Still referring to FIG. 1, the present invention optionally also includes structures that allow for multiple boxes to create a aesthetically pleasing unique appearance. When boxes 10A and 10B are stacked, as shown in FIG. 1, two of the side surfaces 14A and 14B of the boxes may be aligned to form a pattern 21 over both boxes 10A and 10B. In the preferred embodiments this pattern 21 consists of regularly repeating shapes, and in the more preferred embodiments a checkerboard pattern that appears identical to the checkerboard pattern 13. It is preferred to place a corresponding pattern 21 on the opposite side surface 14C of the box 10, such that adjacent stacks of boxes 10 may be positioned to enlarge the pattern. The patterned side surfaces 14 allow for a number of boxes 10 to be used to create an aesthetically pleasing display, which is advantageous for displaying the games for sale. It will be appreciated that many aesthetically pleasing patterns 21 can be placed on side surface 14 of the box 10 to form a larger pattern 21 as the pattern 21 carries across the plurality of boxes. All such patterns 21 are within the scope of the present invention.

Referring now to FIGS. 2 and 3, two possible versions of edible game pieces 30 are shown. Edible game piece 30 is preferably a baked good and more preferably a cookie, although it is within the scope of the present invention to fashion the game piece from any edible substance, including candy and other confections.

It is preferred that the edible game pieces 30 be provided in at least two different colors forming two sets that may be differentiated by the players. It is more preferred to use two contrasting colors. This may be accomplished through the providing of differently colored and flavored pieces. The preferred flavors are chocolate and vanilla.

In the preferred embodiments shown in FIGS. 2 and 3, indicia are located upon the top surface of the edible game piece 30. These indicia serve as markers designating the edible game piece 30 use as a piece in a game. In FIG. 2, this indicia is located at the crown 32 and the lettering 34. In FIG. 3, this indicia is shown as the lettering 40, which is placed on a section of the upper surface that has a thinner cross section than at the edge of the edible game piece 30, represented as the area 40, bounded by the ridge 44. It will be appreciated that these indicia are representative only and that any indicia that may be placed upon the surface of a cookie, or other edible game piece 30, to differentiate the pieces is within the scope of the present invention.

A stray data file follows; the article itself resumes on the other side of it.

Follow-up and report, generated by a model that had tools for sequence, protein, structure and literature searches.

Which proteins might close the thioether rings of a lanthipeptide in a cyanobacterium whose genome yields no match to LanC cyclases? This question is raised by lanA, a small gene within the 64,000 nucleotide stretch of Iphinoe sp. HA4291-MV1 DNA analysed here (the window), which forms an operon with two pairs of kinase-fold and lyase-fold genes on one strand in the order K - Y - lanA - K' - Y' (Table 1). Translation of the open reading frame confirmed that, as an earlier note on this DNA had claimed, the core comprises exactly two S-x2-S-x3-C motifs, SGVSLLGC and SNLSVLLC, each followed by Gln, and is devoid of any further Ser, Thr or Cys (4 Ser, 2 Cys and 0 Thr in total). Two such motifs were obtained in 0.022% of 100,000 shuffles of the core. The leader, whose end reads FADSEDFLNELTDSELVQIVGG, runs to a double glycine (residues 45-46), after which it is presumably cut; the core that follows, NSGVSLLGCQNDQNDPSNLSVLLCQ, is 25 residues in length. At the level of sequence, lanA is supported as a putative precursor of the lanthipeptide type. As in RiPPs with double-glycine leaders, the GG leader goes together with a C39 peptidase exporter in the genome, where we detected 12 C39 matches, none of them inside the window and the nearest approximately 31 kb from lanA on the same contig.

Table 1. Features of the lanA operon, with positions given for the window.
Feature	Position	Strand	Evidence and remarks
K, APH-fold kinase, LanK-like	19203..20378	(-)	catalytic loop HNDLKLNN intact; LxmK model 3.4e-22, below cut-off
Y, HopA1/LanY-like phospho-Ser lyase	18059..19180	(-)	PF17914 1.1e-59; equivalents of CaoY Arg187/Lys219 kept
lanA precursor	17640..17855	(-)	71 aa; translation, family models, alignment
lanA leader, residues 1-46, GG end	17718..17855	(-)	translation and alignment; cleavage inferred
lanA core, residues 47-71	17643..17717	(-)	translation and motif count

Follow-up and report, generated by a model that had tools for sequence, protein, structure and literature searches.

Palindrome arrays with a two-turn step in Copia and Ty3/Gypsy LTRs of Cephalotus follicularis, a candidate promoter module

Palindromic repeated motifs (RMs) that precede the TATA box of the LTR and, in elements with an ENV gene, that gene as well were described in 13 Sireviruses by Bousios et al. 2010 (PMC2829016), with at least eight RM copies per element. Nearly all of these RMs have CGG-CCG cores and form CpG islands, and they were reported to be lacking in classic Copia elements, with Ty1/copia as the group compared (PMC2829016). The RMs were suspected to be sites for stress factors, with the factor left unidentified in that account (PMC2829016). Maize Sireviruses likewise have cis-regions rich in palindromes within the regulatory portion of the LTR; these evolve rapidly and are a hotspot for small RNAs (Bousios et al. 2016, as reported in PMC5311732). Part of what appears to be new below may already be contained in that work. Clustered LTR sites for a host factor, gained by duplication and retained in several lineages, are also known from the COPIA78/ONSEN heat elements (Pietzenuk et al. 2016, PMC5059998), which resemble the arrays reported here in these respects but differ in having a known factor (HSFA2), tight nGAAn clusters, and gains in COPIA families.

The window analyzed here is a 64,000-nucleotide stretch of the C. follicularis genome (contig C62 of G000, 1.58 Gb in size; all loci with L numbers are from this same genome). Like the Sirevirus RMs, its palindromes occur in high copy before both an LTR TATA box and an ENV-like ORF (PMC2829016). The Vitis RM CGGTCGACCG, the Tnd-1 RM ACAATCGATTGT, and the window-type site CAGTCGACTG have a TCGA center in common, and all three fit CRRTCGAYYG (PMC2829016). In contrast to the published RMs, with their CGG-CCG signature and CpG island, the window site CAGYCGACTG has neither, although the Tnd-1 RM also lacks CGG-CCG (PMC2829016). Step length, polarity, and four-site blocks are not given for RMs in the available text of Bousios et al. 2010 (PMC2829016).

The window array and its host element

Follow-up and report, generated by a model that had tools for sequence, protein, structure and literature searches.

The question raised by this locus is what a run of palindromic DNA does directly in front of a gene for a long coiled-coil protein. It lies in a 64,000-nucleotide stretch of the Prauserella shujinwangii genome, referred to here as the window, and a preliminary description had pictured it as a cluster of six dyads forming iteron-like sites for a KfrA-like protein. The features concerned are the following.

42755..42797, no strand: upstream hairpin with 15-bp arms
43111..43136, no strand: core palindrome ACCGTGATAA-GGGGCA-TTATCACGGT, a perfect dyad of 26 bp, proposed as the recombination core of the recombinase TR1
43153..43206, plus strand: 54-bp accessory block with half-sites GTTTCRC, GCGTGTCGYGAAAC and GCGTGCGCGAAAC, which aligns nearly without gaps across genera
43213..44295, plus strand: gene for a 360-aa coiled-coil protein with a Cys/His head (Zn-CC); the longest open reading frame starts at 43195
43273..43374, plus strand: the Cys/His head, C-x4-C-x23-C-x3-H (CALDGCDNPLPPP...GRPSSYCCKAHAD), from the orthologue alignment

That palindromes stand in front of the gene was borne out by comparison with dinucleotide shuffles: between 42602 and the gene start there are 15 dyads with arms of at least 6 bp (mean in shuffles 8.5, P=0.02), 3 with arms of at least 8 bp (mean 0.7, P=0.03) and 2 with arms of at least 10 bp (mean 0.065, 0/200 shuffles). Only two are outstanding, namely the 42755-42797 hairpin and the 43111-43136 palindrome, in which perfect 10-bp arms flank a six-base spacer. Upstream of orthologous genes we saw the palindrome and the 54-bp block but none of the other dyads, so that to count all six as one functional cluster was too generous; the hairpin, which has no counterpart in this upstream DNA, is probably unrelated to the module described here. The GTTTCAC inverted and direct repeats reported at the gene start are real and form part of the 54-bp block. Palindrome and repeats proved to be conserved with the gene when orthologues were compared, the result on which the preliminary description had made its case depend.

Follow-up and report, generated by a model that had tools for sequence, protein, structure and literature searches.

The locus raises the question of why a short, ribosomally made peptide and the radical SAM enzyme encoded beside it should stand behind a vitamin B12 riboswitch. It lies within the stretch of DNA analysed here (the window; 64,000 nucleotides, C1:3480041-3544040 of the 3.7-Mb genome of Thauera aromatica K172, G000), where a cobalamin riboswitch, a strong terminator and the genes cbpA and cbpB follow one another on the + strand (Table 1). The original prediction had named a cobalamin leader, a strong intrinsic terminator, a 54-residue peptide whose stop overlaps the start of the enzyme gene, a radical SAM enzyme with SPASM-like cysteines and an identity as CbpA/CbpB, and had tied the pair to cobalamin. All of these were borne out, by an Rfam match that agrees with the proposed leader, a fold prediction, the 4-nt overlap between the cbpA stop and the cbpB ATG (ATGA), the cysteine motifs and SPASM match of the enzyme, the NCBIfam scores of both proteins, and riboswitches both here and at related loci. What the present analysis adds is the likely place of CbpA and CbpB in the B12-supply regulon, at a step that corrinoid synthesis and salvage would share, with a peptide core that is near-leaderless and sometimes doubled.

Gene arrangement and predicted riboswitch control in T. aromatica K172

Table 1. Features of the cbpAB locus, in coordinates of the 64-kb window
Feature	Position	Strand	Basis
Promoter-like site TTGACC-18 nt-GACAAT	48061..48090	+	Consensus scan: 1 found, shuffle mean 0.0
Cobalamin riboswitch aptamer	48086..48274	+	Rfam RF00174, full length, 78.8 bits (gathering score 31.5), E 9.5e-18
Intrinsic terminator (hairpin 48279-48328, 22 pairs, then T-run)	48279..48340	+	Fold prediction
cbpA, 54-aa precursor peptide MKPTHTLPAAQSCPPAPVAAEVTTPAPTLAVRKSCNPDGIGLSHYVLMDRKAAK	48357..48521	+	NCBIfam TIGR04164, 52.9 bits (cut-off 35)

In certain preferred embodiments, the two sets of game pieces 30 each include two types of pieces 30, movement pieces 46 and strategy pieces 48. These pieces may be differentiated using surface indicia, and are used for different purposes in the games that may be played with the pieces. It is preferred that the strategy pieces be marked with a crown 32 indicia.

The indicia may be formed on the edible game piece 30, by any suitable method. Examples of such methods include, use of an edible ink, use of a colored icing or frosting, and the baking of the cookie in a shaped pan to impart the shape of the pan to the cookie, as well as any other suitable method. It will be appreciated that all such methods and structures are within the scope of the present invention.